Tests are based on prostate-specific antigen (PSA) blood levels. About 80% of positive results are false positives, which causes a lot of unnecessary anxiety.
An abnormal PSA typically requires further testing – either a biopsy or ultrasound. Both are uncomfortable and can cause problems such as infection.
About 75% of prostate cancer cases are not fatal even if left untreated, while 25% are aggressive killers. But we can’t yet reliably distinguish between them. Surgery, radiation and hormone therapy have significant side effects such as incontinence, infection and permanent impotence. Knowing the risks, many doctors opt for a strategy called ‘watchful waiting’, in which an elevated PSA level is tracked every three to six months and treatment is recommended only if there is a rapid or large rise (suggesting the cancer may be an aggressive one).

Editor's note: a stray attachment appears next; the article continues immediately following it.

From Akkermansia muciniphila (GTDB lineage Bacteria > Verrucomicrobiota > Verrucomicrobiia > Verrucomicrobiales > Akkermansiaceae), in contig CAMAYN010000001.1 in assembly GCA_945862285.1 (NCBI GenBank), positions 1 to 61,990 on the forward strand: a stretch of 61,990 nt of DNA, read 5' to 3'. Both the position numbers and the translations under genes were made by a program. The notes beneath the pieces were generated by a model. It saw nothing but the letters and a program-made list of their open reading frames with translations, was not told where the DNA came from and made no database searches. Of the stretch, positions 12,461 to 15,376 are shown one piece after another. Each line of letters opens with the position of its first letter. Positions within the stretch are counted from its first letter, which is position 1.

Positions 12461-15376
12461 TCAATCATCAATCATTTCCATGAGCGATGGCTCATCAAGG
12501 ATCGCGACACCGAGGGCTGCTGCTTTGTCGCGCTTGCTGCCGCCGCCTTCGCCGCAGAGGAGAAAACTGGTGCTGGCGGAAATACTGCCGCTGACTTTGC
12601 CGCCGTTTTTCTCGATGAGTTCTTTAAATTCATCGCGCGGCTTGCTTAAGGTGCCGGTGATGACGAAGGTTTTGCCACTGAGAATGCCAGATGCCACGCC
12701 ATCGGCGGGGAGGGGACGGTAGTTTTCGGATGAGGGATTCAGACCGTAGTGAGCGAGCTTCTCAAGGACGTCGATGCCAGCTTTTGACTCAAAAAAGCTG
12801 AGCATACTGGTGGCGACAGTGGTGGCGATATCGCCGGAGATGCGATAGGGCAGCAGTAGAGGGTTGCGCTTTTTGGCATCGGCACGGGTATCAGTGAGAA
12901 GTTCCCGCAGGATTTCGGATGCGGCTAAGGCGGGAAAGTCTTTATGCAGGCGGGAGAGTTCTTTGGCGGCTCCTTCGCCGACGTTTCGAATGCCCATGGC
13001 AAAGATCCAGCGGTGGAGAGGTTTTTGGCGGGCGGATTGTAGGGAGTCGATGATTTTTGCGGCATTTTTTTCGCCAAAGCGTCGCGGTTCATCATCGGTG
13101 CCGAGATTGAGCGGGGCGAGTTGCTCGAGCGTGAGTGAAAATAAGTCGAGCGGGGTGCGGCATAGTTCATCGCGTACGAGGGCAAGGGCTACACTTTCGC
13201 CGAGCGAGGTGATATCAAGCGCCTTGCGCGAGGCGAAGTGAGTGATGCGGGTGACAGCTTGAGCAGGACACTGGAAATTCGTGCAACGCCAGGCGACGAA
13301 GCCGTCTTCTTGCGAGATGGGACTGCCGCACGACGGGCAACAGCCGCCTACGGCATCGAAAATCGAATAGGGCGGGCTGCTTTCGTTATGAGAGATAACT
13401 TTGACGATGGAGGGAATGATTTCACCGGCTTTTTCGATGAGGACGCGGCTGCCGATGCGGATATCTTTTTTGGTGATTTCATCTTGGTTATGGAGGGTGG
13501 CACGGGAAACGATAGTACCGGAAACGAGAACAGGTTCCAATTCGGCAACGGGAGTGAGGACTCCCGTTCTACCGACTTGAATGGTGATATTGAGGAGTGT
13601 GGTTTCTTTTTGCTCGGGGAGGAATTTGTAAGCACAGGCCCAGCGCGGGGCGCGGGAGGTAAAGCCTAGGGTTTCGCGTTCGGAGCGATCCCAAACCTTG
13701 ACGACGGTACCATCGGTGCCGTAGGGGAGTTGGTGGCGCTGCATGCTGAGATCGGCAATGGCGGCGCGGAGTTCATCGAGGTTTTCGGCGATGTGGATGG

Know your risk factors
These include age (most prostate cancers are diagnosed over age 65); ethnicity (risks are higher for people of African descent compared to Caucasians, lower for Asians, Indigenous Australians and Pacific Islanders); and family history – your risk is significantly higher if you’ve had two or more relatives diagnosed, especially a father or brother diagnosed when younger than 65.
Get the digital rectal exam
It’s an annual check for over-50s, but start earlier if you have risk factors.
Balance the risks
Talk to your doctor about the implications of false positives, over-diagnosis and over-treatment and have a plan of action in place before you test.
Reduce false positives
Certain things increase PSA levels, including low-grade trauma to the prostate (such as a recent rectal exam or long bike ride) and ejaculation. Avoid all for at least 48 hours before the test.